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Image: Early demonstration morse system
Source: Museum Victoria
Museum Victoria holds a collection of about 230 telegraphy-related objects dating from the middle of the 19th century to the middle of the 20th century.
The majority of the objects in the collection are instruments of the Morse type as used in the Victorian telegraph system. These instruments include keys, sounders, registers, relays and switches used for the transmission and reception of messages using Morse code. The earliest of these objects dates from the 1860s. In addition, there are a number of so-called 'ABC' or 'Alphabetical' telegraph instruments, which did not require the use of Morse code by the operator and were used on less busy lines in Victoria.
Other objects in the collection include several needle telegraphs. These instruments relied on successive deflections of a needle or needles to convey coded messages over the telegraph lines. They were not used in the Victorian Government's telegraph system.
Apart from actual telegraph instruments, the collection includes objects such as samples of submarine telegraph cables, telegraph line insulators, government reports on telegraph operations, and examples of telegrams.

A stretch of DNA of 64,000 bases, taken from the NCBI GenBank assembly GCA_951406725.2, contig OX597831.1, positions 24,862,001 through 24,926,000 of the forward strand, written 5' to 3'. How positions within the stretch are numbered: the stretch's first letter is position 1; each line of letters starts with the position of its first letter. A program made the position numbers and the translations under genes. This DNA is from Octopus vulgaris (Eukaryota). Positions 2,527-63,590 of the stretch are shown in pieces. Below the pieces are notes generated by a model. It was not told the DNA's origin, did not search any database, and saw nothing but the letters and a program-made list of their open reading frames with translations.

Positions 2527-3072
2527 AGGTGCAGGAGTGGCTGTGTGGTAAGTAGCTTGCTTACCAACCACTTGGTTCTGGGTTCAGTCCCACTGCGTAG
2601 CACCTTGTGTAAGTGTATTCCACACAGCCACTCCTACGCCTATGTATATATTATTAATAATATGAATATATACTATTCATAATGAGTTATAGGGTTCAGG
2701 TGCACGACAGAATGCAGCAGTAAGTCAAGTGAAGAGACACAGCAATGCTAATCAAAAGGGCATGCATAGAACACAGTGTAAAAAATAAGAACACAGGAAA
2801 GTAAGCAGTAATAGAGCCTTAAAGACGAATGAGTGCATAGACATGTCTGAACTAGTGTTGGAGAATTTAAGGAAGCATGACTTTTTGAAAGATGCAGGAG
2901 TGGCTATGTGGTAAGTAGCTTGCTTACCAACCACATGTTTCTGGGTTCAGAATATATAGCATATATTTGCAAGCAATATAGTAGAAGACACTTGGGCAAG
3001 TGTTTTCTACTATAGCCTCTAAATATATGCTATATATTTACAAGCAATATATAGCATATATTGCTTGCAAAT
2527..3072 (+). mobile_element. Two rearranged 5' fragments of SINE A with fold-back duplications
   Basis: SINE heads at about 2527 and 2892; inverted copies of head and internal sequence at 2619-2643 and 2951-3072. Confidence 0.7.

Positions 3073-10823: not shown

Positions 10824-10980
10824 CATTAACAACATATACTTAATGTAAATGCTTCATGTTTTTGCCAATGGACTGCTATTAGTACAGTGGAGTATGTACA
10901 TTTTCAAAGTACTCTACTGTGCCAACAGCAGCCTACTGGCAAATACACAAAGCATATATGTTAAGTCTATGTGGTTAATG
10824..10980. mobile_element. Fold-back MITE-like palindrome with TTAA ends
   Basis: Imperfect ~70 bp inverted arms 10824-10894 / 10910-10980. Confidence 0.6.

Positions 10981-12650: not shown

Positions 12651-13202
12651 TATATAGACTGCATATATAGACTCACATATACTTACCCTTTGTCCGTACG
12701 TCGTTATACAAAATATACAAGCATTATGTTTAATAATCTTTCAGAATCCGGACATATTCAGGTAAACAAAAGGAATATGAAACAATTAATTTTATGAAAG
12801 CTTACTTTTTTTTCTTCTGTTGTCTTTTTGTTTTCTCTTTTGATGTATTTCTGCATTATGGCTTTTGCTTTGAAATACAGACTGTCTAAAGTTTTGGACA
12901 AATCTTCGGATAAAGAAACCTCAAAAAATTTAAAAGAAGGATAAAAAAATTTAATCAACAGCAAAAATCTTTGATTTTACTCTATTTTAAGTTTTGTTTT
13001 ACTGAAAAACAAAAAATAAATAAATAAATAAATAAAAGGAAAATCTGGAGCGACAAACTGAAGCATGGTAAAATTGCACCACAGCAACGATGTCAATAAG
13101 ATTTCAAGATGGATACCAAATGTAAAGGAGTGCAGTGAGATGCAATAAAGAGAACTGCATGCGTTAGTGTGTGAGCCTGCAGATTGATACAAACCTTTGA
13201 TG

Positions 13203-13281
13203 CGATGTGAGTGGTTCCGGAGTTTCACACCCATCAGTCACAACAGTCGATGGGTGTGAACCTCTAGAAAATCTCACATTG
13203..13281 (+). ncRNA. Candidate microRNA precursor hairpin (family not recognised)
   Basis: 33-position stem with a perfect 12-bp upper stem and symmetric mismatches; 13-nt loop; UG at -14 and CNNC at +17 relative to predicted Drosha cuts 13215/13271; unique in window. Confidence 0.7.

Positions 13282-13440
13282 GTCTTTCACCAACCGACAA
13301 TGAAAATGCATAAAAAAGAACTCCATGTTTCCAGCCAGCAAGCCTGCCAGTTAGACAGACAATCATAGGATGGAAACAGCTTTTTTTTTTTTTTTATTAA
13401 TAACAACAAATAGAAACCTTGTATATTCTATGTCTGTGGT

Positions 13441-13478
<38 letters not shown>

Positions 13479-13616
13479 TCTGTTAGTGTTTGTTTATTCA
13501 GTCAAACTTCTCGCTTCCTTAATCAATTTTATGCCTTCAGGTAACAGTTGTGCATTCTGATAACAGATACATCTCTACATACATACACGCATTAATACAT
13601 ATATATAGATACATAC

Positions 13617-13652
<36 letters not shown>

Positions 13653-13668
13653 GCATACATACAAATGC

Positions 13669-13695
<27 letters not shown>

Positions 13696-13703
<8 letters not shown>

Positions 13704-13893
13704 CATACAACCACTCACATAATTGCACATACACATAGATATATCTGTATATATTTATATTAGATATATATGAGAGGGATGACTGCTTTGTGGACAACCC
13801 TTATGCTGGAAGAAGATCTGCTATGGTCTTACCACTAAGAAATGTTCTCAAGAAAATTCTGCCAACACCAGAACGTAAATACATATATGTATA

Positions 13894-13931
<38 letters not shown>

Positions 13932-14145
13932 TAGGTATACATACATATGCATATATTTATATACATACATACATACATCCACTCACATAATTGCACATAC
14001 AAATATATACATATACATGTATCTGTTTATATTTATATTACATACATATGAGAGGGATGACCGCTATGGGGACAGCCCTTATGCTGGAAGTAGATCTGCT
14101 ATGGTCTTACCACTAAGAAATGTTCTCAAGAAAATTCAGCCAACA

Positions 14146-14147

The electric telegraph first began operating in Victoria (and Australia) in March 1854 with the opening of the line between Melbourne and Williamstown. The man responsible for bringing the telegraph to Victoria was Samuel Walker McGowan, an Irish-born Canadian. The collection includes several items of McGowan memorabilia, including a plate from his dinner service, a book sent to him by Samuel Morse and the inventor of the Morse telegraph system.
Items per page: 10 50 (showing 141 - 150) 172 items
Two milliamp meters, part of the Murray Telegraph Multiplex System.Images: 1
Tape transmitter, part of the Murray Telegraph Multiplex System.Images: 1
Two lamps, part of the MurrayTelegraph Multiplex System.Images: 1
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Schematics relating to the MurrayTelegraph Multiplex System. These are circuit diagrams for a Murray Multiplex two channel device.Images: 0
Keyboard, part of the Murray Telegraph Multiplex System.Images: 1
A morse inking register for receiving and recording telegraph signals. In operation, the intermittent current generated by the received signals causes a small rotating wheel to be int ...From: London, United Kingdom Images: 1
Two white porcelain telegraph line insulators, said to be from the East-West Transcontinental Telegraph Line in Western Australia. Both broken. Collected by donor from the site of the ...Images: 1
Fragments of wood collected from the site of the Eucla Telegraph Station near the South Australia/West Australia border. The telegraph line betweeen Adelaide and Perth opened in 1877, ...Images: 2
Telegram sent from Doncaster to Heidelberg by J. W. Jenvey to S. W. Chambers giving information about wireless transmission experiments. The telgram was handed in for transmission at H ...Images: 3
Similar in appearance and construction to a conventional telegraph transmission key. The ebonite knob is marked "DISJUNCTOR KEY". The exact function of such a key is unknown.Images: 1